Public Resources

Policy Briefs

Back to Basics (B2Bs)
Back to Basics (B2Bs) en Français
Tesche, J. (2019). Taxes sur le tabac et administration fiscale, REEP Back to Basics Policy Brief: B2B#1. Juillet 2019, University of Cape Town

Rossouw, L. (2019). Justification des mesures fiscales et tarifaires sur le tabac, REEP Back to Basics Policy Brief: B2B#2. Août 2019, University of Cape Town

Darsamo, V. (2019). Un appel en faveur du libre accès aux données sur l’imposition du tabac, REEP Back to Basics Policy Brief: B2B#3. Août 2019, University of Cape Town

Van Walbeek, C. (2019). Élasticité-prix, REEP Back to Basics Policy Brief: B2B#4. Octobre 2019, University of Cape Town.

Ross, H. (2019). La solution au commerce illicite, REEP Back to Basics Policy Brief: B2B#5. Octobre 2019, University of Cape Town.

Boachie, M. (2019). Calcul du coût économique du tabagisme, REEP Back to Basics Policy Brief: B2B#6. Novembre 2019, University of Cape Town.

Zhou, S. (2020). Litiges et Contentieux, REEP Back to Basics Policy Brief en partenariat avec le McCabe Centre for Law and Cancer, Centre de connaissances de la CCLAT de l’OMS sur les contestations judiciaires: B2B#7. Mars 2020, University of Cape Town.

Van der Zee, K. and Van Walbeek, C. (2020). Le modèle TETSiM, REEP Back to Basics Policy Brief: B2B#8. Mai 2020, University of Cape Town.

Filby, S. and Van Walbeek, C. (2020). Systèmes de taxation du tabac : Structure fiscale idéale , REEP Back to Basics Policy Brief: B2B#9. Mai 2020, University of Cape Town.

Ross, H., Tesche, J and Vellios, N. (2020). Affectation spécifique des taxes sur le tabac, REEP Back to Basics Policy Brief: B2B#10. Mai 2020, University of Cape Town.

Videos & Webinar Recordings

Videos
Watch the promotional video about the Knowledge Hub: Burnt

Webinar Recordings
Webinar #1: Global trends in tobacco taxation (30 June 2020) Please use password: 7s@.7F33
Webinar #2: Methods for measuring illicit trade (forthcoming)
Webinar #3: The Illicit Trade Protocol: What does it mean, and what’s needed? (forthcoming)

Journal Publications

Impact of Taxation

Access to Tetsim model

Van Walbeek, C.P. (2010). A simulation model to predict the fiscal and public health impact of a change in cigarette excise taxes. Tobacco Control. 19:31e36. doi:10.1136/tc.2008.028779

Sahadewo, G.A., Iglesias,R.M., Araujo, E. C. et al. (2017). The economics of tobacco taxation and employment in Indonesia. Global Tobacco Control Program. Washington, D.C.: World Bank Group.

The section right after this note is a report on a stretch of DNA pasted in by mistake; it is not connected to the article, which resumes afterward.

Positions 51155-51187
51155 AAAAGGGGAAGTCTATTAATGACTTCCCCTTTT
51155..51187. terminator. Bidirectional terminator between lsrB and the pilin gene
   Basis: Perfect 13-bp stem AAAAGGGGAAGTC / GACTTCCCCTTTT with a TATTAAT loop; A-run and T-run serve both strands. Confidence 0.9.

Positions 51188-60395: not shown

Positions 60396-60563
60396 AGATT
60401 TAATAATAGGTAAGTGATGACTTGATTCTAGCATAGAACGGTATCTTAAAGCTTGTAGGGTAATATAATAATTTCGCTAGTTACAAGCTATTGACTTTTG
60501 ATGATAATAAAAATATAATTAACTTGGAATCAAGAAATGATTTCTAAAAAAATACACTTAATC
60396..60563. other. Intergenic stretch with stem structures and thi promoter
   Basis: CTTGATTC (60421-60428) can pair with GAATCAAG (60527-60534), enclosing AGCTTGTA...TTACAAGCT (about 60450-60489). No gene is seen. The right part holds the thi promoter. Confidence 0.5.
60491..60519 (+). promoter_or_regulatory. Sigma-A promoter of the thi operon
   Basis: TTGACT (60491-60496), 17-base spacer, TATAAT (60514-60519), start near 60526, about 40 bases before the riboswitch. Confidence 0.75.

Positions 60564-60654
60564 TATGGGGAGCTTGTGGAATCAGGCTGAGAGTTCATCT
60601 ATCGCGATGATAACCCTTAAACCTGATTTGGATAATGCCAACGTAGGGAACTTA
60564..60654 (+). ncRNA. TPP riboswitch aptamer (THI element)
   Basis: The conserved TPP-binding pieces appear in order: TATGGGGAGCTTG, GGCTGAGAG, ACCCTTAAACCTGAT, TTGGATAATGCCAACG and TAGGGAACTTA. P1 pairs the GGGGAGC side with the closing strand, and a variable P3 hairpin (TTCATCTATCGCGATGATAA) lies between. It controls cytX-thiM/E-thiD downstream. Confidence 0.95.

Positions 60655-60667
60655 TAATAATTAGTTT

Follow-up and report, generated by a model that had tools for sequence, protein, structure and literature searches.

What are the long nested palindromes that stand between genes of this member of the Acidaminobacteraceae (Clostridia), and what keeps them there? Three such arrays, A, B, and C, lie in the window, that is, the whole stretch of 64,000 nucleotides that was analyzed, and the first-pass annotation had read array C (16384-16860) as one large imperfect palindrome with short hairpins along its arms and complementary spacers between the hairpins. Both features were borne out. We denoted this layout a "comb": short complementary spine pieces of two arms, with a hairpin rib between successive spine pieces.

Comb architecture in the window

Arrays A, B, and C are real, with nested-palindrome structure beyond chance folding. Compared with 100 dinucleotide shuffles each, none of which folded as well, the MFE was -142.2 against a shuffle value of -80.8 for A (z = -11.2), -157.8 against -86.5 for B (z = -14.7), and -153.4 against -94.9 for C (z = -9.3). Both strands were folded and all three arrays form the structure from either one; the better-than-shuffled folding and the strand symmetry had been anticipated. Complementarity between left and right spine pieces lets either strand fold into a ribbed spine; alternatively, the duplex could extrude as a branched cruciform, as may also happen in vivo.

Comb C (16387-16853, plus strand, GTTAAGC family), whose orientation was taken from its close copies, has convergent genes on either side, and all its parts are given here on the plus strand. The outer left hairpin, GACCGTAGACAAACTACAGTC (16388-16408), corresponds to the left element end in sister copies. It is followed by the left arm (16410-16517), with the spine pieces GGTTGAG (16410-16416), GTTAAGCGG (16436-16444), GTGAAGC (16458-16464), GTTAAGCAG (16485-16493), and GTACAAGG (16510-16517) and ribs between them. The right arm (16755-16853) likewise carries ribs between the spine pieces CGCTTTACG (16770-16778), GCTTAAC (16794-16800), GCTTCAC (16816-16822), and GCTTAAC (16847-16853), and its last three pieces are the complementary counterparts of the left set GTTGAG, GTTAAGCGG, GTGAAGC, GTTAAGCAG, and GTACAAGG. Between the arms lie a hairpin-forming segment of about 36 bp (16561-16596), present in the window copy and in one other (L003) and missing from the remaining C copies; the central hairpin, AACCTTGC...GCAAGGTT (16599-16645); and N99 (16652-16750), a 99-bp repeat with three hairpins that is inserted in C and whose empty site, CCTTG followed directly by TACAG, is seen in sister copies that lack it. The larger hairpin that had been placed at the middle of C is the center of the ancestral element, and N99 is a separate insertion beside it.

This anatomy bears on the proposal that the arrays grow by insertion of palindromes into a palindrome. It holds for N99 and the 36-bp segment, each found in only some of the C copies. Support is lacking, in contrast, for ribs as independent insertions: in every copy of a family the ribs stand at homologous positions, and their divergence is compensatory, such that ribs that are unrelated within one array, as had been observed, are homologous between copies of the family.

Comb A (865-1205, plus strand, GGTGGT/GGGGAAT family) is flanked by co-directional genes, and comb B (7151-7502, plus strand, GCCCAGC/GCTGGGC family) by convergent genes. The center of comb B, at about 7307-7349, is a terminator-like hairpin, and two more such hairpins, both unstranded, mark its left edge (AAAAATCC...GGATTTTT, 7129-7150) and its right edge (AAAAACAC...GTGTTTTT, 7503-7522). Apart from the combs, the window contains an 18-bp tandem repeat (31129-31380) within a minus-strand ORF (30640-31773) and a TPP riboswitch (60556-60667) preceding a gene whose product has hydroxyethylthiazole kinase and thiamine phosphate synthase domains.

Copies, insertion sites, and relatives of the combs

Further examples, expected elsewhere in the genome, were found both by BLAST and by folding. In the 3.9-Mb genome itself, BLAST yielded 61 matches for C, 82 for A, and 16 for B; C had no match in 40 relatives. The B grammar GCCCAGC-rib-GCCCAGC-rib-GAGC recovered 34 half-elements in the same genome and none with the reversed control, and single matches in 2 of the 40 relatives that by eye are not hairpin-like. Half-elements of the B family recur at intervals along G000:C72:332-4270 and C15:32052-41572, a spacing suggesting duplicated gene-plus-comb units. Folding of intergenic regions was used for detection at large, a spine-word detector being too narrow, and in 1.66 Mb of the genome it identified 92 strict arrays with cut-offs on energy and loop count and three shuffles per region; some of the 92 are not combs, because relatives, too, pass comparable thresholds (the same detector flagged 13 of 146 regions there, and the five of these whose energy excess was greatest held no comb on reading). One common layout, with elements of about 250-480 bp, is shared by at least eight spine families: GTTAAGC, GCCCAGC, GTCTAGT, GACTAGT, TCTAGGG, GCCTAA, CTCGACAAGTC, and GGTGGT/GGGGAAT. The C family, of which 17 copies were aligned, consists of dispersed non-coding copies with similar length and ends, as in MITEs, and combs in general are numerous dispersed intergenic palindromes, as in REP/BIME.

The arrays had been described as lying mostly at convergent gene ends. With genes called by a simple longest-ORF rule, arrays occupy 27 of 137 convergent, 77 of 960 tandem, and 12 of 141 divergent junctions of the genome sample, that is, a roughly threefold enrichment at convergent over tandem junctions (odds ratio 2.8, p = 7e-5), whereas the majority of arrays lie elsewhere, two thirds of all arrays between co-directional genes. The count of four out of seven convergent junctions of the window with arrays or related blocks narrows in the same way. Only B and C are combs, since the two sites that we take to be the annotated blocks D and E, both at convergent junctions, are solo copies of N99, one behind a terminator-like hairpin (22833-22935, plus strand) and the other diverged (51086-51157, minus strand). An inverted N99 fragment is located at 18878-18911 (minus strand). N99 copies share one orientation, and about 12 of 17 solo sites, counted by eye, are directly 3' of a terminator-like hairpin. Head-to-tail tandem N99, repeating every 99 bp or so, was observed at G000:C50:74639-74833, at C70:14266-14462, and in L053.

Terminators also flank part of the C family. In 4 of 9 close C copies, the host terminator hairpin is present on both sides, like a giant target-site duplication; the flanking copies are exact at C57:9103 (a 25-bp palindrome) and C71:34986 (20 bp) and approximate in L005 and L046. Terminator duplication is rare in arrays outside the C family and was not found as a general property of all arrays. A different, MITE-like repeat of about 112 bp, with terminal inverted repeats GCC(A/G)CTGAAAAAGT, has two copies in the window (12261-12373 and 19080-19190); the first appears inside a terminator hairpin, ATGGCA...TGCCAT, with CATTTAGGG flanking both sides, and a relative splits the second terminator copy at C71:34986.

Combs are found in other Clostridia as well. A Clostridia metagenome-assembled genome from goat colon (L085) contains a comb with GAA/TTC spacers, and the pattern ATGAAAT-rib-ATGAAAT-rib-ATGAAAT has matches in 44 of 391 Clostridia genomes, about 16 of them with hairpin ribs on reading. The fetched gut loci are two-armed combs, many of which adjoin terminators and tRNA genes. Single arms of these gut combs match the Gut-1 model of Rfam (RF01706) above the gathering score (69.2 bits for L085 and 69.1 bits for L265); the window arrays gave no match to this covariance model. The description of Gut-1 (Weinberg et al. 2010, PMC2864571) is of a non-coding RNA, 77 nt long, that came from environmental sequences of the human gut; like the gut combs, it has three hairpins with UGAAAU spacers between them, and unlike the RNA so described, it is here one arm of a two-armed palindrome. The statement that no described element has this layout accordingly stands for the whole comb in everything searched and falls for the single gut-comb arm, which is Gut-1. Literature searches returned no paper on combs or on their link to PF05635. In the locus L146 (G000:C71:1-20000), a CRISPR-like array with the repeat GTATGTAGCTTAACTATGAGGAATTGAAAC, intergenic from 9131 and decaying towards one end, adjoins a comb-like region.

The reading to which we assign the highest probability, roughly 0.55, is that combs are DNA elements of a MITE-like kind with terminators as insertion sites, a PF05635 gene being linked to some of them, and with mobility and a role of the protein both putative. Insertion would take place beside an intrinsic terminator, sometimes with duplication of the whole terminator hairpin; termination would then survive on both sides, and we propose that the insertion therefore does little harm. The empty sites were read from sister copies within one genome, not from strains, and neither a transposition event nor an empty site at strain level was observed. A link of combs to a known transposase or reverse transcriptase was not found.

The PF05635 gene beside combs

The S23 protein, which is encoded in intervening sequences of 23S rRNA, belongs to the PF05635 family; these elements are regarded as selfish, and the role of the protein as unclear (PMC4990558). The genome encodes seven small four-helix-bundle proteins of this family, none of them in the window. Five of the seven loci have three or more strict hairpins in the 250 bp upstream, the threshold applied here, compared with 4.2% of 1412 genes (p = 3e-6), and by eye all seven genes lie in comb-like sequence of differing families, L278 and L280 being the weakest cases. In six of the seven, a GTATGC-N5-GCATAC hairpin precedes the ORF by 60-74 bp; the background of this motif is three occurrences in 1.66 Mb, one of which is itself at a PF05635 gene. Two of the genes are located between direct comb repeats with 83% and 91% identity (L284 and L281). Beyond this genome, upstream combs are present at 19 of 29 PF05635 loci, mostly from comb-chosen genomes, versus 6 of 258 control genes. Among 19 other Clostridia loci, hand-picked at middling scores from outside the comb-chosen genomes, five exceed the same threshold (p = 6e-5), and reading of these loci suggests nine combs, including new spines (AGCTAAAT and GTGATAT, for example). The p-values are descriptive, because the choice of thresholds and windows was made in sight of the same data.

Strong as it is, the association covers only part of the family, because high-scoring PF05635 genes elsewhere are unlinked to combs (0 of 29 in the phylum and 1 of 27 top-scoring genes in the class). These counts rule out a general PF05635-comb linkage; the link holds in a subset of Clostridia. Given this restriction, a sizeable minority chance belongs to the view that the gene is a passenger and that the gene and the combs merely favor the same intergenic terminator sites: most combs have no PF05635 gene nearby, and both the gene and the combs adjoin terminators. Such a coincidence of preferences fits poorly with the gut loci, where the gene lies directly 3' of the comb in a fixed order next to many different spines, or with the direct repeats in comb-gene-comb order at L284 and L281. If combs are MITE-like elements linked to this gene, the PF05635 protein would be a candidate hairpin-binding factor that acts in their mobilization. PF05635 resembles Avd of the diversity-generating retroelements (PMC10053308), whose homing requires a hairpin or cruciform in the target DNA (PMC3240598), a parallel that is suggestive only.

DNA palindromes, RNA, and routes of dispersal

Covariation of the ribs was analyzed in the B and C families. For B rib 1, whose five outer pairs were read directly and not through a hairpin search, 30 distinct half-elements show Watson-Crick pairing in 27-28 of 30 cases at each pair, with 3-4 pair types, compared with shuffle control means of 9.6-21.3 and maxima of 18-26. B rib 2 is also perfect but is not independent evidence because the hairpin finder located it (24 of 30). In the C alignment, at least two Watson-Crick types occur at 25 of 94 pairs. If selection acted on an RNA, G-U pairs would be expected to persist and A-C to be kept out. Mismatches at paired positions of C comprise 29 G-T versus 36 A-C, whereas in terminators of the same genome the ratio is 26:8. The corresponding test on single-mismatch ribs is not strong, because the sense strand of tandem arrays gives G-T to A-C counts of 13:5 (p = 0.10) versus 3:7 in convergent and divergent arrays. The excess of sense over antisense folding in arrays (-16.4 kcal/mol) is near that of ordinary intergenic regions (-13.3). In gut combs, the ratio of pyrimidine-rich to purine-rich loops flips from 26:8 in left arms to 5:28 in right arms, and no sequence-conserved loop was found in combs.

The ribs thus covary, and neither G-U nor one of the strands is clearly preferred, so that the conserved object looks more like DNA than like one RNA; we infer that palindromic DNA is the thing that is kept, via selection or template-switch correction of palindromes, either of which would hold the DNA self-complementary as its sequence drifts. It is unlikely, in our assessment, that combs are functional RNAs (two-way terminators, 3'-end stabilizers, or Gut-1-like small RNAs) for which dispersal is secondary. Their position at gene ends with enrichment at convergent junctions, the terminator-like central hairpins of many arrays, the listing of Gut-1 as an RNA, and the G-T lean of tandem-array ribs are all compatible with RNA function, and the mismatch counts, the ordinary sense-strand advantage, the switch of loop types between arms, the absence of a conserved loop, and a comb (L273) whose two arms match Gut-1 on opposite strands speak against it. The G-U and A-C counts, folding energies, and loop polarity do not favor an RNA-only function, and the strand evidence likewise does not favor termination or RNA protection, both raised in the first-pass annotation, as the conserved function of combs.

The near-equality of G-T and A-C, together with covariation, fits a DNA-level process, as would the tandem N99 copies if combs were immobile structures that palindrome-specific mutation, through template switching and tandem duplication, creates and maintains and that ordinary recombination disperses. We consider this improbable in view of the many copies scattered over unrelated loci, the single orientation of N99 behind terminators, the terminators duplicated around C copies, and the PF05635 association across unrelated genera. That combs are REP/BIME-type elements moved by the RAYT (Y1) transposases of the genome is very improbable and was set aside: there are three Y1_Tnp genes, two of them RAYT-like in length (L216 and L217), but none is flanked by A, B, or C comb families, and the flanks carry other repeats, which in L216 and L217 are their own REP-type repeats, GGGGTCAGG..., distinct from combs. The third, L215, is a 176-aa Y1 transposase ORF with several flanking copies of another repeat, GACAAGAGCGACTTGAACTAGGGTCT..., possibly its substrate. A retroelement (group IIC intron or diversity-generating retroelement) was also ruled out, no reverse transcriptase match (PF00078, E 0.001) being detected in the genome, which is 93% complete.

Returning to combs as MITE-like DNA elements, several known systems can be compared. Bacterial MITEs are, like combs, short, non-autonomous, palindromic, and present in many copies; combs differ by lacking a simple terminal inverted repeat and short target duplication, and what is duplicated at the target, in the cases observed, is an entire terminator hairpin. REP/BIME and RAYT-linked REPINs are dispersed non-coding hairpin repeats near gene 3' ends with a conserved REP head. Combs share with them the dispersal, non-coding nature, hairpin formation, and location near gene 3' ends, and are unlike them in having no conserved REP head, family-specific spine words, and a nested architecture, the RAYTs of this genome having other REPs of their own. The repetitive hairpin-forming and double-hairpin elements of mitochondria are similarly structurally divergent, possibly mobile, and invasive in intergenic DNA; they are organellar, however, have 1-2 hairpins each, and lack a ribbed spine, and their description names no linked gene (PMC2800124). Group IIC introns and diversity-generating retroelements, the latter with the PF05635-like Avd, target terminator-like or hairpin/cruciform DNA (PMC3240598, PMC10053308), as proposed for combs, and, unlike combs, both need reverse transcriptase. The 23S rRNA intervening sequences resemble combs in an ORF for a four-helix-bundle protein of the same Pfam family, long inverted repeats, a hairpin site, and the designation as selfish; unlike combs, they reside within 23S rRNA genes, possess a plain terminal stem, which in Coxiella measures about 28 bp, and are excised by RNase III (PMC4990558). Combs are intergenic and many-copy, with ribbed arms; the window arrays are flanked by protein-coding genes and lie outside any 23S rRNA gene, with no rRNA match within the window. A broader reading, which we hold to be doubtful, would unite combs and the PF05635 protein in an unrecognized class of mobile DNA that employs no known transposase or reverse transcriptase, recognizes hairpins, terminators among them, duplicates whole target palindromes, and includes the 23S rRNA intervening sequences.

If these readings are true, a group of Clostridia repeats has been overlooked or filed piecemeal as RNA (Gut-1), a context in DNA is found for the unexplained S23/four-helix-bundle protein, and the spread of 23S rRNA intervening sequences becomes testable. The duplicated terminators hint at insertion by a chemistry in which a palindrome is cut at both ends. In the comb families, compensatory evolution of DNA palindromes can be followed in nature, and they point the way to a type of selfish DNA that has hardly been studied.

Fuchs, A., Francisco, A. & Meneses, P. (2017). Are tobacco taxes really regressive? : evidence from Chile. Washington, D.C.

Iunes, R., Villar, M et al. (2017). The Distributional Consequences of Increasing Tobacco Taxes on Colombia's Health and Finances. Washington, D.C. : World Bank Group.

Dollerson, J. (2017). Tobacco Tax: The most effective least-used tool in public health. Medium.

Fuchs, A. & Meneses, F. (2017). Progressive or Regressive: The Impact of Tobacco Taxation in Ukraine. Washington, D.C. : World Bank Group.

Levy, D., Mohlman, M. K., & Zhang, Y. (2016). Estimating the Potential Impact of Tobacco Control Policies on Adverse Maternal and Child Health Outcomes in the United States Using the SimSmoke Tobacco Control Policy Simulation Model. Nicotine & Tobacco Research.

Fleischer, N. L., Thrasher, J. F., Reynales-Shigematsu, L. M., Cummings, K. M., Meza, R., Zhang, Y., & Levy, D. T. (2016). Mexico SimSmoke: how changes in tobacco control policies would impact smoking prevalence and smoking attributable deaths in Mexico. Global public health.

Brock, B., Choi, K., Boyle, R. G., Moilanen, M., & Schillo, B. A. (2016). Tobacco product prices before and after a statewide tobacco tax increase. Tobacco control.

Goodchild, M., Perucic, A. M., & Nargis, N. (2016). Modelling the impact of raising tobacco taxes on public health and finance. Bulletin of the World Health Organization.

Levy, D. T., Huang, A. T., Currie, L. M., & Clancy, L. (2013). The benefits from complying with the framework convention on tobacco control: a SimSmoke analysis of 15 European nations. Health policy and planning.

Data

Data on Alcohol and Tobacco in Africa (DATA) Project is a pursuit funded by the International Development Research Centre (IDRC) and conducted by the Research Unit on the Economics of Excisable Products (REEP) (formerly the Economics of Tobacco Control Project (ETCP)) in collaboration with DataFirst, at the University of Cape Town. The project seeks to collect, archive and disseminate tobacco- and alcohol-related time series and cross-sectional economic data.

The aim is to provide a single point of access for researchers interested in tobacco and alcohol policies in Africa. In its pilot stage, the DATA Project works to establish relationships with statistical authorities in Botswana, Kenya, Namibia, Senegal, and South Africa in order to promote open access to their data and to increase the utilisation of existing data for research and policymaking. The ultimate goal is to expand the project to all Sub-Saharan countries. Currently 69 datasets are are available. The database can be accessed here.